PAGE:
Analysis

         I now Deny the plaintiffs' second motion for relief for the following reasons:

         1. The Magistrate Judge carefully explained, in advance, the summary judgment filing requirements to these pro se plaintiffs at the Local Rule 56 pre-filing conference in December 2017. Tr. at 13-14, 21-24 (ECF No. 87).

         2. The plaintiffs still have not provided an Opposing Statement of Material Facts to rebut the 126-paragraph “Defendants' Statement of Material Facts” (ECF No. 76), as Local Rule 56(c) requires. “The opposing statement shall admit, deny or qualify the facts by reference to each numbered paragraph of the moving party's statement of material facts and unless a fact is admitted, shall support each denial or qualification by a record citation as required by this rule.” Id. Therefore, as the Magistrate Judge stated on page 4 of the Recommended Decision that I adopted: “Under the Local Rule, Defendants' statements are ‘deemed admitted' because Plaintiffs failed to dispute Defendants' statements- by denying or qualifying the statements, and by citing record evidence to support their denials and qualifications. D. Me. Loc. R.56(f).” (ECF No. 85.)

         3. What the plaintiffs now have filed instead is apparently a counter-statement, or a statement of “additional facts, ” see Local Rule 56(c), dated February 9, 2018. The filing is virtually identical[3] to what they already included in their docketed February opposition to summary judgment, albeit now with citations to the record, something not included in their original filing. They provide no reason why it took them until November 4, 2018, a date during the appeal, to discover their February “error” in not filing this document. They could have checked the ECF docket at any time after their February filing, especially because the Clerk's Office alerted them promptly that in fact they had filed a duplicate document; the defendants pointed out the plaintiffs' failure in March[4]; and the Magistrate Judge also highlighted the omission on the fourth page of his Recommended Decision in June (ECF No. 85).[5] These observations and challenges from the Clerk's Office, the defendants, and the Magistrate Judge should have alerted the plaintiffs to their omission, and there is nothing about November that explains why they have only now discovered their “error.”[6]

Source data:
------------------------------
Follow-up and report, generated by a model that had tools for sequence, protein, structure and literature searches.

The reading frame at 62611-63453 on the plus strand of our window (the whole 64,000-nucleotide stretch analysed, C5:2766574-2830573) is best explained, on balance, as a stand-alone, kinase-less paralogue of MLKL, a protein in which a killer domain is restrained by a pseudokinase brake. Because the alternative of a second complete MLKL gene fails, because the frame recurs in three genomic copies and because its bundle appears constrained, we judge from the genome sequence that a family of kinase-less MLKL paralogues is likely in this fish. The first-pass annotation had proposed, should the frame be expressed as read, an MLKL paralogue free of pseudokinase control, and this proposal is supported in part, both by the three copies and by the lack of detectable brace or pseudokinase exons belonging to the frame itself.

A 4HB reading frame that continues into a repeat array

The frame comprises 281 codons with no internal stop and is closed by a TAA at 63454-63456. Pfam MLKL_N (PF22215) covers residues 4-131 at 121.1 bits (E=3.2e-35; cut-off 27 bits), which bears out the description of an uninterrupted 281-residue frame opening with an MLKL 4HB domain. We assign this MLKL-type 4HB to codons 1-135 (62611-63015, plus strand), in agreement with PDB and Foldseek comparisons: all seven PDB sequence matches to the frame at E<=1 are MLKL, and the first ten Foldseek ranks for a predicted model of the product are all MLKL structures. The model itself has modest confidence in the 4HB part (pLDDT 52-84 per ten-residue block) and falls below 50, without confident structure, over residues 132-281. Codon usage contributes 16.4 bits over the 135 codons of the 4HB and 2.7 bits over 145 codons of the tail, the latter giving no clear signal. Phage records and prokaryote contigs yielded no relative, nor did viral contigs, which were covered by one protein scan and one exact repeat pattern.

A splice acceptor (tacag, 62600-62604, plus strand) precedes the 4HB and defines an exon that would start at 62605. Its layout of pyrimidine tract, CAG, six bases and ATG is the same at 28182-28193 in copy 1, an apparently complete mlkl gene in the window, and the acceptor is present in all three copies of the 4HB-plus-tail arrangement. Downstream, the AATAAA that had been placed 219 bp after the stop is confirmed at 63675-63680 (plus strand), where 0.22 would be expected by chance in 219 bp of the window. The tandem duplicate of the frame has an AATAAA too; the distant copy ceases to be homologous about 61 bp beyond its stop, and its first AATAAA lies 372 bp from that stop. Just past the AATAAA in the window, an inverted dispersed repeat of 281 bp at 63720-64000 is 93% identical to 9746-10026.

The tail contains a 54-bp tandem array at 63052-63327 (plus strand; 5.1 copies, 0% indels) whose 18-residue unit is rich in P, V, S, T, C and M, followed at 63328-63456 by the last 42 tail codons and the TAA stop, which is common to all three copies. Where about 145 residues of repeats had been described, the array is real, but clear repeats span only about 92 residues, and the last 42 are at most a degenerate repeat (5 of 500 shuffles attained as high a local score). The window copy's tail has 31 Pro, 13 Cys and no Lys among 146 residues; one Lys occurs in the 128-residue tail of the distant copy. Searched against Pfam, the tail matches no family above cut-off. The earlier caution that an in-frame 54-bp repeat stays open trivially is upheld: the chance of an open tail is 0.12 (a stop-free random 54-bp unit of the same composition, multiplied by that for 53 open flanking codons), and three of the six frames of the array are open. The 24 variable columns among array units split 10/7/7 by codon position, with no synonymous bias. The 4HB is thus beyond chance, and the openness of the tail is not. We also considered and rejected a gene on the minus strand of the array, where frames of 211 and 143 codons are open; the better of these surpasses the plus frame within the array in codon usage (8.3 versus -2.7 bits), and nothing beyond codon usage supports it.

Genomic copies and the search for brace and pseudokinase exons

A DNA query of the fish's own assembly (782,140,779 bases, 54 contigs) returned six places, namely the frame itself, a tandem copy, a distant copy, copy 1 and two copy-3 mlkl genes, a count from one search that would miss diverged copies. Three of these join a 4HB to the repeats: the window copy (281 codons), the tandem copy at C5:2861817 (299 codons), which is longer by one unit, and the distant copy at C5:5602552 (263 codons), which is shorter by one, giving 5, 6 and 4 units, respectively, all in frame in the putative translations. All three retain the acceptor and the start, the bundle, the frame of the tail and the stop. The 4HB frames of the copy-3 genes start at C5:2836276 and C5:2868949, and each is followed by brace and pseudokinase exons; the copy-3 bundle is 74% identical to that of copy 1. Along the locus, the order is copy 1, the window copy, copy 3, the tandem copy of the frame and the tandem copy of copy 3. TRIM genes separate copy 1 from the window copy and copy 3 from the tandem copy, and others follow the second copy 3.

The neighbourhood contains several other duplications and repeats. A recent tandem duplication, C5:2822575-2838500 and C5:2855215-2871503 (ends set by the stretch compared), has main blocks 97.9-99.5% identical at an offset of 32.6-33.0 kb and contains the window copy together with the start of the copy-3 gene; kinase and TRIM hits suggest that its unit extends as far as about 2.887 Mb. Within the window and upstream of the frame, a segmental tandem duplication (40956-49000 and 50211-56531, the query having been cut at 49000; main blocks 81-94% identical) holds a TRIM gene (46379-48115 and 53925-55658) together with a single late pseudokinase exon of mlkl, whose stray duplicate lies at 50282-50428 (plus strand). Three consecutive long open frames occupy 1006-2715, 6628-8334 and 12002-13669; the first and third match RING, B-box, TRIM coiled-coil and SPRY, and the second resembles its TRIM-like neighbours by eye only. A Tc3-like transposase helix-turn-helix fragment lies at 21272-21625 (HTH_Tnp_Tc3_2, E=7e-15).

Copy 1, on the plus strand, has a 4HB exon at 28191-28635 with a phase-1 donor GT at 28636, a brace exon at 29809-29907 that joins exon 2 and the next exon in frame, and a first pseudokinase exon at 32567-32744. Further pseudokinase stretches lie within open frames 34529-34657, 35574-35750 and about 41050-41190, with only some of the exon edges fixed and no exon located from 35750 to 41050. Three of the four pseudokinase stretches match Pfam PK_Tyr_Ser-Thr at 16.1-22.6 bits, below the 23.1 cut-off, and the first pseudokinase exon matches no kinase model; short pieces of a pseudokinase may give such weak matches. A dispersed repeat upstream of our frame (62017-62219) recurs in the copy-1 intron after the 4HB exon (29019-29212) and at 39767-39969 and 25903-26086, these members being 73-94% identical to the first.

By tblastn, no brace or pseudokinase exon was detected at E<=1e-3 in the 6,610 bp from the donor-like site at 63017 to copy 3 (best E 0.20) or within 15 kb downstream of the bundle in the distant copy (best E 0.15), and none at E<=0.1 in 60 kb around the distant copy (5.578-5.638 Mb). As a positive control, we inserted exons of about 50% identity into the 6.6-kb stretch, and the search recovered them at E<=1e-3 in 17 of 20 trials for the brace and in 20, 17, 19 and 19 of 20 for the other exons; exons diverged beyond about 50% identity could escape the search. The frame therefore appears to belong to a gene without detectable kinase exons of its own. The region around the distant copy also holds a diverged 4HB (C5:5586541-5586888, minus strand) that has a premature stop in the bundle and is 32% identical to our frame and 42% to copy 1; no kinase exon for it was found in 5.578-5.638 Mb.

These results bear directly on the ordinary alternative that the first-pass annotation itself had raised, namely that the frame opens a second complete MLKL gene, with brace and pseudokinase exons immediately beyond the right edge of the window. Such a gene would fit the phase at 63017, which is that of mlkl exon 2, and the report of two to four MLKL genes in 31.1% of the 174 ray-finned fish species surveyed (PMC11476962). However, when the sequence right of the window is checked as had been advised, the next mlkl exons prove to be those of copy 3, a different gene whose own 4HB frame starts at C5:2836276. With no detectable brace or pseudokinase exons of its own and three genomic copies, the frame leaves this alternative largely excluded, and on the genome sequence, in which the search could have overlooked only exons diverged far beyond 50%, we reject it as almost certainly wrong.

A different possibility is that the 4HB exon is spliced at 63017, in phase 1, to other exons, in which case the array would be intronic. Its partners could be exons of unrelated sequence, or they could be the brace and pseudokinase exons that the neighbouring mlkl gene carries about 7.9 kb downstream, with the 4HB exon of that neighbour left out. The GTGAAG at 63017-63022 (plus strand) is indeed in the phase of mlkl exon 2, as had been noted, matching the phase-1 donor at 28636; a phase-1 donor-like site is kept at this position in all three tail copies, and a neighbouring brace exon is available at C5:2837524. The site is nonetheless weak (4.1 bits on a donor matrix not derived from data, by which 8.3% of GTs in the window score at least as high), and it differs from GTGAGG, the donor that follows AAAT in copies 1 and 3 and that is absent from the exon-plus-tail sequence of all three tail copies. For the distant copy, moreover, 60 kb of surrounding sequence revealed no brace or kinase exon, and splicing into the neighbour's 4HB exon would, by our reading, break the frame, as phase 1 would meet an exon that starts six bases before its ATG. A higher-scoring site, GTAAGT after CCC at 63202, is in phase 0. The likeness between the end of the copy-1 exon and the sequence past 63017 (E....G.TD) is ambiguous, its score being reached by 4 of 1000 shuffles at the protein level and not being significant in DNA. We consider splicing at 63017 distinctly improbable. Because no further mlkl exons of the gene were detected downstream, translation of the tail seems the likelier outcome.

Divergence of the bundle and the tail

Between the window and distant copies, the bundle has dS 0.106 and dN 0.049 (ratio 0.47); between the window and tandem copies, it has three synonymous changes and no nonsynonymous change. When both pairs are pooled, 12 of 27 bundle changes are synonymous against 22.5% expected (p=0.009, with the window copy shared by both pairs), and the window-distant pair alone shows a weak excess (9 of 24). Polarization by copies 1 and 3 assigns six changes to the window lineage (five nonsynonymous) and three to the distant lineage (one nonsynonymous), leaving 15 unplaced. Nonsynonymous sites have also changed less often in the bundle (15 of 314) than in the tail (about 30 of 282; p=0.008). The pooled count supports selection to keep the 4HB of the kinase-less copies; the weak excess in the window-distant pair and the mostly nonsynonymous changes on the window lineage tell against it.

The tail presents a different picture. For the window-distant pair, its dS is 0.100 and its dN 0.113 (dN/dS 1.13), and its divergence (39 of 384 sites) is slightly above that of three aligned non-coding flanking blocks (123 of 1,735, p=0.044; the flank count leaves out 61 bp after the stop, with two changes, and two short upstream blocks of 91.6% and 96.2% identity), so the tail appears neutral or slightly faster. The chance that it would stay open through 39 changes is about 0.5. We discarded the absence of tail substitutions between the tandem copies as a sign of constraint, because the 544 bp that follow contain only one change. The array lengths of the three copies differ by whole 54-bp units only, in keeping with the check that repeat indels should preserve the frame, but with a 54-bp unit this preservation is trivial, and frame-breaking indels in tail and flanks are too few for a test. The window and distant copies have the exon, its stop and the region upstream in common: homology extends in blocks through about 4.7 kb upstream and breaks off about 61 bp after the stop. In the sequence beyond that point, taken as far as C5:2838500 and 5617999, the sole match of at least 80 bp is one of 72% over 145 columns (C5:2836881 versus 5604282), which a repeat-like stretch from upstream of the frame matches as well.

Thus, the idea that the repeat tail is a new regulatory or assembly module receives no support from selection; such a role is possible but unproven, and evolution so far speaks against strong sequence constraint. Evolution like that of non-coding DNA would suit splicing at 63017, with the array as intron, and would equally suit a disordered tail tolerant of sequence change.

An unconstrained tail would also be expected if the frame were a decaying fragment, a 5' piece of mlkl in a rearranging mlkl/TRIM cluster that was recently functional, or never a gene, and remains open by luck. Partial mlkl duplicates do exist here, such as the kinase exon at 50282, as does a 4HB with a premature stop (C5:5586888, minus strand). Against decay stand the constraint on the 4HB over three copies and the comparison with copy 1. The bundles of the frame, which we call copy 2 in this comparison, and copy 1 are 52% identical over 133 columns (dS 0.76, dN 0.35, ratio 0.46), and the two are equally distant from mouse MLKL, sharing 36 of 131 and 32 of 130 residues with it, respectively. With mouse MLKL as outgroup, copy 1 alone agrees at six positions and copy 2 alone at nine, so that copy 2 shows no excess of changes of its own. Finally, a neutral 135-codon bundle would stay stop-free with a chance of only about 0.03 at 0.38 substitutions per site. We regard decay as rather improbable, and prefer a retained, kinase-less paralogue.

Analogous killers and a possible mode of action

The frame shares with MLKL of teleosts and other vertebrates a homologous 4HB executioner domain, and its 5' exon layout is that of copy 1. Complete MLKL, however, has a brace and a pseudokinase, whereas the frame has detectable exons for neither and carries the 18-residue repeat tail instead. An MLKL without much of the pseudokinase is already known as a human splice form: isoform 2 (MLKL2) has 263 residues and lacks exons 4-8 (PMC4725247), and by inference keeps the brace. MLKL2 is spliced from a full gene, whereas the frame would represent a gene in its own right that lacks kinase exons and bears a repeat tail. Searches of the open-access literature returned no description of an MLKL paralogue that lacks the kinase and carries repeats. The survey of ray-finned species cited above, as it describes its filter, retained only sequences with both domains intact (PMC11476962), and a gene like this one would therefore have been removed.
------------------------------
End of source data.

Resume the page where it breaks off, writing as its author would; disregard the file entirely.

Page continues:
4. The Magistrate Judge stated explicitly in his Recommended Decision that I adopted:

In their summary judgment submission, Plaintiffs include factual statements that could conceivably be material to the summary judgment assessment. Plaintiffs, however, do not cite to supporting record evidence. Without citation to the record, Plaintiffs' assertions do not constitute record evidence for purposes of summary judgment. “[T]he Court is required to maintain a strict neutrality between opposing parties and even though a more forgiving reading may be appropriate for a pro se party in the summary judgment context, it is also true that ‘[j]udges and magistrate judges who review these filings must be able to rely ...